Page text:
On this fine Christmas Eve, I thought I would keep things in the holiday spirit and talk about something totally relevant to the season--swearing.*
Over on Mysterious Matters, Mysterious has a post about sex and swearing in the manuscripts he's been seeing. As I mentioned before, sex and swearing are hot button issues in YA because the readers of YA are under the supervision (at least theoretically) of adults. Some of those adults are strict, and some of them are my mother, and some of them are fine in theory with books that have a little bit of swearing in them, but get freaked out when the characters engage in sexual activities that are (statistically) typical for people the same age as the characters in question.
Here's the problem: I was (am! totally am) a young adult. I have spent time with young adults. And many of the people I know are teachers of high school and junior high students. And in all those cases, the anecdotal evidence suggests that young adult are quite a lot more vulgar and sexually active than their parents would like to know. If you could spend an afternoon in the hallway of a typical suburban high school, you would hear all manner of cursing and vulgar language.** Seriously, high school kids away from their parents like to try out this kind of language and see how it sounds.*** So a book that accurately reflects life in high school would have more swearing in it than most parents would be comfortable with. It would also have more swearing in it than, frankly, would be good for the story, because most of the swearing in your typical high school doesn't mean anything.
That's the key, I think. If you're going to have a character swear (or do anything else that might be "controversial"), it needs to add something to the story. Sometimes, the swearing tells you about the socio-economic background of the characters. Sometimes it tells you about the level of emotion the character is experiencing. Sometimes, like in Nick and Norah, the (copious) swearing tells you what kind of kid you're dealing with (in that book, New York scene kids).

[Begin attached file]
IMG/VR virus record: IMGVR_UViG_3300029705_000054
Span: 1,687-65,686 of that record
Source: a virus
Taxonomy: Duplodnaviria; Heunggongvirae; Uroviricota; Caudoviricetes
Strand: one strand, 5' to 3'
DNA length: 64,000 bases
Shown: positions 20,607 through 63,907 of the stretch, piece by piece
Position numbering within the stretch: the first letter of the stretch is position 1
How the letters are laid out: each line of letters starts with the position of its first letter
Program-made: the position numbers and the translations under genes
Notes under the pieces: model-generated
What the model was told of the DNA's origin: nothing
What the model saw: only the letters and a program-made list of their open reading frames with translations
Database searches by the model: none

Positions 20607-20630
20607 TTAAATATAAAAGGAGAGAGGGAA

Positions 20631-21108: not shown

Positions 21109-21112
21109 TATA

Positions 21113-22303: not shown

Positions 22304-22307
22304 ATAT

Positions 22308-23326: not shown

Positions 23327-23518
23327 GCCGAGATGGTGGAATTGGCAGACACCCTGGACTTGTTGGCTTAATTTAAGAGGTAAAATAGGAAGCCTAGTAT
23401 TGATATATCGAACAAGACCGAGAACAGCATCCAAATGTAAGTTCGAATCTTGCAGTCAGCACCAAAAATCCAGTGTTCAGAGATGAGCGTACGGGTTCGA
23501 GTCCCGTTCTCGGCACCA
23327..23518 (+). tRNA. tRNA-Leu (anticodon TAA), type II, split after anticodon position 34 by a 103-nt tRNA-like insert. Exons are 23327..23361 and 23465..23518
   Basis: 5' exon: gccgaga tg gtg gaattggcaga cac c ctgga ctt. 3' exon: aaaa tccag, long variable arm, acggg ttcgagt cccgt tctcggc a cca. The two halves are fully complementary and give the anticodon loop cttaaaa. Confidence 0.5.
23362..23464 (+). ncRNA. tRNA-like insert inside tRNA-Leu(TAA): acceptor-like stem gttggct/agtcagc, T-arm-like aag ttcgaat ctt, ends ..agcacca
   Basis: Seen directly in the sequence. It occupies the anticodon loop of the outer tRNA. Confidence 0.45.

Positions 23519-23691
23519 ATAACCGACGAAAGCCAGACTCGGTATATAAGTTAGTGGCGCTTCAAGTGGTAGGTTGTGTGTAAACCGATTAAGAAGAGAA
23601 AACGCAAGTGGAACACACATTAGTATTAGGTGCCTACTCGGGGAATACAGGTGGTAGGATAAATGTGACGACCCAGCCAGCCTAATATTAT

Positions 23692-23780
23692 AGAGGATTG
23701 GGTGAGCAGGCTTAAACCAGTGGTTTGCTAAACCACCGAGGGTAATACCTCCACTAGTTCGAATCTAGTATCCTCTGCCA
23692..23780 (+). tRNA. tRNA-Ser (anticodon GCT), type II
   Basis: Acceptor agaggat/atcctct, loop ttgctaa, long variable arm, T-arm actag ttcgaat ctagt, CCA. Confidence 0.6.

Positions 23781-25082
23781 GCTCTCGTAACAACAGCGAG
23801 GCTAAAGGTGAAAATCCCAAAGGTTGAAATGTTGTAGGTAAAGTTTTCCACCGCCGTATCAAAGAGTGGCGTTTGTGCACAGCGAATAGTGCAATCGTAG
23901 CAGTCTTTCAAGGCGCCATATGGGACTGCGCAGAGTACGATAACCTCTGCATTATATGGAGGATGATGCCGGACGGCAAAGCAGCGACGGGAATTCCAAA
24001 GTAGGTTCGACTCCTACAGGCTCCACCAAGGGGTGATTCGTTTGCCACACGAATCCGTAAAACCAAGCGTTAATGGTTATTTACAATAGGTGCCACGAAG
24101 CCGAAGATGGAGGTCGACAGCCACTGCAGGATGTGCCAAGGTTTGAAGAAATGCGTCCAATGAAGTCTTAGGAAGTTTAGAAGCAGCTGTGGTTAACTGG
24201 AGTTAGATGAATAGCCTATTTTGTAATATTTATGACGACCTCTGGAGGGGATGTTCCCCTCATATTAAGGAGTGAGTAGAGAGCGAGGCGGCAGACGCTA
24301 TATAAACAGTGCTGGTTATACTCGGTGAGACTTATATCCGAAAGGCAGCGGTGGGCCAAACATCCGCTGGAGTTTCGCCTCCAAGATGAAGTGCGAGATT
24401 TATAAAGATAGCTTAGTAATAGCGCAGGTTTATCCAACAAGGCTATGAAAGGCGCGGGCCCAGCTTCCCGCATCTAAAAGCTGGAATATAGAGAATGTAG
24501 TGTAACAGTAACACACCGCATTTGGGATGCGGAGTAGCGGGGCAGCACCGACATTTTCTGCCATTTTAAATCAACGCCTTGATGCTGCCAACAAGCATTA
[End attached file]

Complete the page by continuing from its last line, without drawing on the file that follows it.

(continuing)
If you're writing for kids 12+, you can probably sneak a few curse words past the chaperones. Not a couple on each page, unless you want to limit yourself to a certain readership, but a couple a book don't seem to be much of a problem.
What you can't do, though, is sneak imitations by the readers. Because nothing is going to jerk a teenage reader out of a story like a character saying "oh FUDGE!" Unless your character is a Bible study group leader, "fudge" isn't going to cut it. You can get away with "crap" or "ass" or "dick" (what I like to think of as the Second String Swears****), but you can't bust a swear word down to the minor leagues without your readers noticing and rolling their eyes.
The alternative, of course, is no swear words at all. Many perfectly good YA stories can be told without the use of a single curse word. Crazy, right? None of these are stories I personally am likely to write, but it's entirely possible. Readers aren't likely to notice that there aren't swear words in a book (at least, I don't think so--I haven't seen teenagers leafing through books looking for swears in the aisles of Borders lately); they're only going to notice if the language doesn't seem genuine to the story. So if you're telling the story of a girl who works in the mall and finds her first boyfriend working at the cell phone kiosk next to the food court, you can probably write the whole thing without a single swear word. If you're telling the story of a club girl with a drug problem learning that her best friend has just committed suicide, you may need a couple of swear words in there. I'm just sayin'.
So, in short, swear words: use sparingly. You're welcome. :)
* I'm kidding. This is just something that I've been thinking about lately.
**Some of this language is quite creative. When I was doing a presentation in a high school here last year, I heard one kid call another kid a "dick drip," which was new to me. Dick drip. I like the alliteration.
***The ones who get really good at it become lawyers. Kidding! Seriously, though, no one swears as much in the normal course of business as lawyers. I think it's because most of our jobs are so unbelievable that we spend a lot of time looking at one another going "are you f###ing kidding me?"
****I really shouldn't print the First String Swears in a blog that might, hypothetically, be being read by kids (someday), but they're your usually suspects--the F word, the MF word, the C word, and the like. Send me an email if you really need to know them. :)